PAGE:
Not okay

Non-binary jaye simpson (left) describes the trauma of being told they were a boy in their debut poetry collection, “it was never going to be okay.” FULL STORY

OBIT Ken Belford (1946 – 2020)

March 10th, 2020

The poet and environmentalist Ken Belford, author of Talonbooks’ first published book in 1967, Fireweed, died in Prince George on February 19, 2020.

He described himself as a “self-educated lan(d)guage poet” and in the late sixties Belford moved to the Smithers area, living for more than three decades in the “unroaded” Nass River headwaters at Damdochax Lake. He operated an ecotourism business that specialized in wilderness excursions based at Blackwater Lake in the Nass watershed.

In addition to more than a dozen chapbooks, Belford published ten books of poetry. His relationship to the land deeply informed his poetics.

“The conventional standards of narrative and lyric poetry give me nothing,” he wrote. “The intention of the sequences I write is to assemble words that can be messaged to the habituated souls of the city from the land-aware that live outside city limits.”

“Ken was one of the old-style, self-taught poets like Al Purdy, Patrick Lane and John Newlove who forged his art outside the academy and drew on the experience of work and the life of the street for his inspiration,” says Howard White, who published Belford’s fifth poetry book, ecologue (Harbour, 2005).

“At the same time, he was an intensely discriminating prosodist who reworked and polished his poems tirelessly, striving for a gem-like concentration of expression. In person he had a strong, brooding presence that some people found intimidating, an effect he did nothing to downplay. But among his familiars he was a great conversationalist who could drink, tell stories and shoot pool all night.”

Of Belford’s fourth book of poetry, Pathways Into the Mountains (Caitlin, 2000) poet and anthologist Gary Geddes wrote, “Like Milton Acorn’s, Belford’s poems about being in and out of work, or in and out of place, combine intelligence and an awkward, almost lumbering grace.”

Belford was an inspiration to younger poets like Ottawa-based rob mcLennan. “He was always very generous to me during our interactions,” says mcLennan. “Whether it was during the years he spent as an above/ground press subscriber (he offered that once he read the chapbooks, he made a point of passing them onto younger writers in his vicinity), or the few times we’d actually met in person, including a couple of readings I did in Prince George, and a visit he did to Ottawa, during a few days he was in town for the sake of a conference at Carleton University.”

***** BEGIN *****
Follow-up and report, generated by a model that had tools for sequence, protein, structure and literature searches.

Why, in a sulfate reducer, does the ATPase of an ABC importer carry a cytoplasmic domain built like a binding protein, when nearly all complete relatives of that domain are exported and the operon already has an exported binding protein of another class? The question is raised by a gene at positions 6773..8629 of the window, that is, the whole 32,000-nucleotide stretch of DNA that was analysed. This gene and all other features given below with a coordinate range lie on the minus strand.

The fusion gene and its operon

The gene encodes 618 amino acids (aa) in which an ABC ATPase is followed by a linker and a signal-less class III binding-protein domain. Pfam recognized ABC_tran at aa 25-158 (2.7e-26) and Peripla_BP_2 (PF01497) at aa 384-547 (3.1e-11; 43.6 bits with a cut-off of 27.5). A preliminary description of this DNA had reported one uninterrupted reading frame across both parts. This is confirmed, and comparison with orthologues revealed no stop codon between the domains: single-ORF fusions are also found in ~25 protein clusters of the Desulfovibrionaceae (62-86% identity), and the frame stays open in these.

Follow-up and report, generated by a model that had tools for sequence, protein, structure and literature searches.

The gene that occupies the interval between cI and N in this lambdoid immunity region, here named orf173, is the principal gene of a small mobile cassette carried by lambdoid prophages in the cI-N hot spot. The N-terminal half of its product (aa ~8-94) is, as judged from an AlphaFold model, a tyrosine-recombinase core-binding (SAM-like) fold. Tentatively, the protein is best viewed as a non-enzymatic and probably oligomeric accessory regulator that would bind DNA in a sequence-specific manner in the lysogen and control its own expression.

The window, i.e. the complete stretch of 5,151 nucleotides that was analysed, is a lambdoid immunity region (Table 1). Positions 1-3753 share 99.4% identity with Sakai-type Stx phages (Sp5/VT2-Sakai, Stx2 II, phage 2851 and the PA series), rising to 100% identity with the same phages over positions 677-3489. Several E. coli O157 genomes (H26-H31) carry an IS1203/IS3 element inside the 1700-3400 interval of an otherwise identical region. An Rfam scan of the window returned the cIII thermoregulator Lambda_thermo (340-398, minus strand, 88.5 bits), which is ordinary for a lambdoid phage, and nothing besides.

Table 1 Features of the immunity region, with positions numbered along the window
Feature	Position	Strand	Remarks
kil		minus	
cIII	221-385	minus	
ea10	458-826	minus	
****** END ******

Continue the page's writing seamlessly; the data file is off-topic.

McLennan hosted Belford as a part of a group reading in Ottawa, and noted that the older poet, “seemed very aware of being a writer outside of the university system, and complained heavily that a room full of poets who teach in universities, some of whom expected me to run an event for them when they came through town, should be more appreciative of my efforts on their behalf. ‘And they can afford it!’ he gruffed. ‘You shouldn’t be doing this work for free.’ And he pushed $120 into my hand when the rest of the room wasn’t looking.”

Belford’s last three books, Decompositions, Internodes and Slick Reckoning are still in print with Talonbooks.

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ABCBookWorld Author Entry for Ken Belford

A “self-educated lan(d)guage poet,” Ken Belford was born in 1946 to a farming family in Debolt, Alberta and he grew up in East Vancouver. He was one of Talonbooks’ first authors, publishing FireWeed (Talon, 1967) and The Post Electric Caveman (Talon, 1970). In the late sixties, he moved to the Smithers area where he homesteaded with his wife Alice Williams. For 35 years he operated a guiding/outfitting, ecotourism business that specialized in wilderness excursions based at Blackwater Lake in the Nass watershed while he lived in the unroaded Nass River headwaters at Damdochax Lake.

In addition to more than a dozen chapbooks, Belford has also published Pathways Into the Mountains (Caitlin, 2000 $14.95), and ecologue (Harbour, 2005 $16.95).

Of his third book, Pathways into the Mountains, Gary Geddes wrote, “Like Milton Acorn’s, Belford’s poems about being in and out of work, or in and out of place, combine intelligence and an awkward, almost lumbering grace.”

His fourth collection of poetry, Ecologue, is a culmination of his efforts to “reconcile land and language.”

Remarried, Belford moved to Prince George where he lived with his partner Si Transken. Near the outset of his sixth collection, dedicated to Si, he writes, “Today I went back and deleted my old love poems, and kept my past and present separate, between the knower and the known.” With his eighth collection, Decompositions, Belford continued to place himself outside and beyond what he calls the “tribal schools” of poetry.

As a “land-aware” poet in Prince George who is comfortably familiar with places like the unroaded headwaters of the Nass River, Belford examines the mutation of Marshall McLuhan’s adage “the medium is the message” in the internet & cell phone era with Internodes (Talonbooks $16.95), his nineth poetry collection. “The conventional standards of narrative and lyric poetry give me nothing,” he said.

BOOKS:

Fire Weed (Talonbooks, 1967)
The Post Electric Caveman (Talonbooks, 1970)
Sign language (Repository-Gorse Press, 1979)
Pathways Into the Mountains (Caitlin, 2000)
ecologue (Harbour, 2005)
When Snakes Awaken (Nomados, 2006)
lan(d)guage: A sequence of poetics (Caitlin, 2008)
Decompositions (Talonbooks, 2010) $16.95 0889226318
Internodes (Talonbooks, 2013) $16.95 978-0-88922-792-7
Slick Reckoning (Talonbooks, 2016) $16.95 978-0-88922-978-5

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